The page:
Most of us understand what bass do in the spring; they move towards shallow water in preparation for their annual spawn. Many of us have had it pounded into our heads that we have to find the skinniest and most unmolested backwaters to find these bass. That’s how it was for me growing up. Heck, I got in trouble on a field trip in fifth grade when I wandered away from my class because I saw a backwater slough and went to look for bedding bass. I sincerely thought that was the only place to find spawners.
As I got older and much more experienced in my pursuit of bass, I actually started steering away from these areas more regularly. I believe a lot of bass prefer to spawn in shallow water that’s adjacent to some sort of deep water. Those backwater sloughs certainly play host to springtime bass but I believe that population is very finite. Many of those bass are resident fish which means that the area won’t always repopulate with fresh fish. I think a lot of those bass live back there for their entire lives and rarely, if ever, leave.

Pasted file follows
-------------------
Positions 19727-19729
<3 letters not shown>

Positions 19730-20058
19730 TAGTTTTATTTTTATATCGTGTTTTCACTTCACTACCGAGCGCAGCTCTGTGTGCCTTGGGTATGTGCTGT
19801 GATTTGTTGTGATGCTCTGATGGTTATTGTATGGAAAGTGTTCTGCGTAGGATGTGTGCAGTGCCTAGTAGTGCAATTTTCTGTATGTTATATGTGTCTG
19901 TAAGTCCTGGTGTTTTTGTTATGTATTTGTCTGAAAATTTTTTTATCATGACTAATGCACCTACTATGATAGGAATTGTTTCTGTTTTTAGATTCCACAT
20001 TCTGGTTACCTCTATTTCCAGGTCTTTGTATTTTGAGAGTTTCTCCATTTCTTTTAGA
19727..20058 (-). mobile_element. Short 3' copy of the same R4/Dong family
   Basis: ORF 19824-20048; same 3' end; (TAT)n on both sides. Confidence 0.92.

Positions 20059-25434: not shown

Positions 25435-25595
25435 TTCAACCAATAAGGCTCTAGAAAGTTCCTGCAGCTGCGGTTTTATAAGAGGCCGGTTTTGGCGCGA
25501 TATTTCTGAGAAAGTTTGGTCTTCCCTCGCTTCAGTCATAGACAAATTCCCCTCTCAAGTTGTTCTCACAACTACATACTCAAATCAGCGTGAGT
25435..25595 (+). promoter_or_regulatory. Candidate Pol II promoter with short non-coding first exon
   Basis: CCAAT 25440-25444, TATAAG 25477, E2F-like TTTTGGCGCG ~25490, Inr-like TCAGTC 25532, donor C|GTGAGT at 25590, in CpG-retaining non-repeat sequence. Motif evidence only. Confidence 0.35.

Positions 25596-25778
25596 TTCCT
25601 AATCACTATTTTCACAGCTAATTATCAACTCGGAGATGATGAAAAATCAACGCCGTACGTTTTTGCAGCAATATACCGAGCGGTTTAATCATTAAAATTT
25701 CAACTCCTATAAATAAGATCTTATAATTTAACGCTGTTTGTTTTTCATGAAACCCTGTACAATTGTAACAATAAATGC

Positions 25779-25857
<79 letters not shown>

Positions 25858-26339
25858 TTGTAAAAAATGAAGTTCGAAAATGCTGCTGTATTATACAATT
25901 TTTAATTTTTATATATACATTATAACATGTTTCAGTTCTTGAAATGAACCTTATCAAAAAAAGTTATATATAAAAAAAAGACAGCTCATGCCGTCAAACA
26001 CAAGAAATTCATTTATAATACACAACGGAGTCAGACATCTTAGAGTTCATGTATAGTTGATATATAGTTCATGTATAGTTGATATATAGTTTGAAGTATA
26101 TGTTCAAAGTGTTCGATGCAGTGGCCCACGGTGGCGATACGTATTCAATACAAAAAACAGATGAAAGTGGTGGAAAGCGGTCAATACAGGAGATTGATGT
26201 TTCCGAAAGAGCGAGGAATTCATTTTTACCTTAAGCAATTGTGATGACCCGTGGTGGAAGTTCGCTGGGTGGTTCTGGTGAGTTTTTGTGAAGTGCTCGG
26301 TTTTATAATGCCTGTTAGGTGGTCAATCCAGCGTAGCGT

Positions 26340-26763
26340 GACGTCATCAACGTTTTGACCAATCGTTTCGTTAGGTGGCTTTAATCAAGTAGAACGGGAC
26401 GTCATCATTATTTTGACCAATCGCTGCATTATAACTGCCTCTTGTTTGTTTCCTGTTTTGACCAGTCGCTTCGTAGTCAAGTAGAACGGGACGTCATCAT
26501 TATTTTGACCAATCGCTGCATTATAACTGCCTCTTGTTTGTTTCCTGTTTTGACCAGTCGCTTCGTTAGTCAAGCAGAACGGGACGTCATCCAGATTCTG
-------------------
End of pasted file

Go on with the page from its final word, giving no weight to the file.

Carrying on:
The moment that solidified this theory for me was when I caught my personal-best bass that weighed 13.14 pounds. She had an entire shallow, sandy backwater to spawn on if she wanted. It was south-facing and just a perfect setup for a big female. But she didn’t choose that area. Instead, she chose the base of a laydown that was in about four feet of water with 15 feet of water just a few yards away. And before you send an angry email, I didn’t sight fish for her and had no idea she was on bed until after the catch… and yes, she was released alive.
I really think these big females are smart and somehow understand that spring is a volatile time of year in terms of the weather. They choose these shallow-water areas with deep water adjacent in order to be able to quickly adjust to quickly changing conditions. If a cold front comes through, they can kick their tail three times and slide off the break line into 15 feet of water. Conversely, if a warming trend occurs, they can slide up and lay their eggs quickly.
So can those sexy-looking backwaters hold some big bass in the spring? You’re dang right they can. But I think those fish are much easier to spook and much less likely to replenish throughout the spring.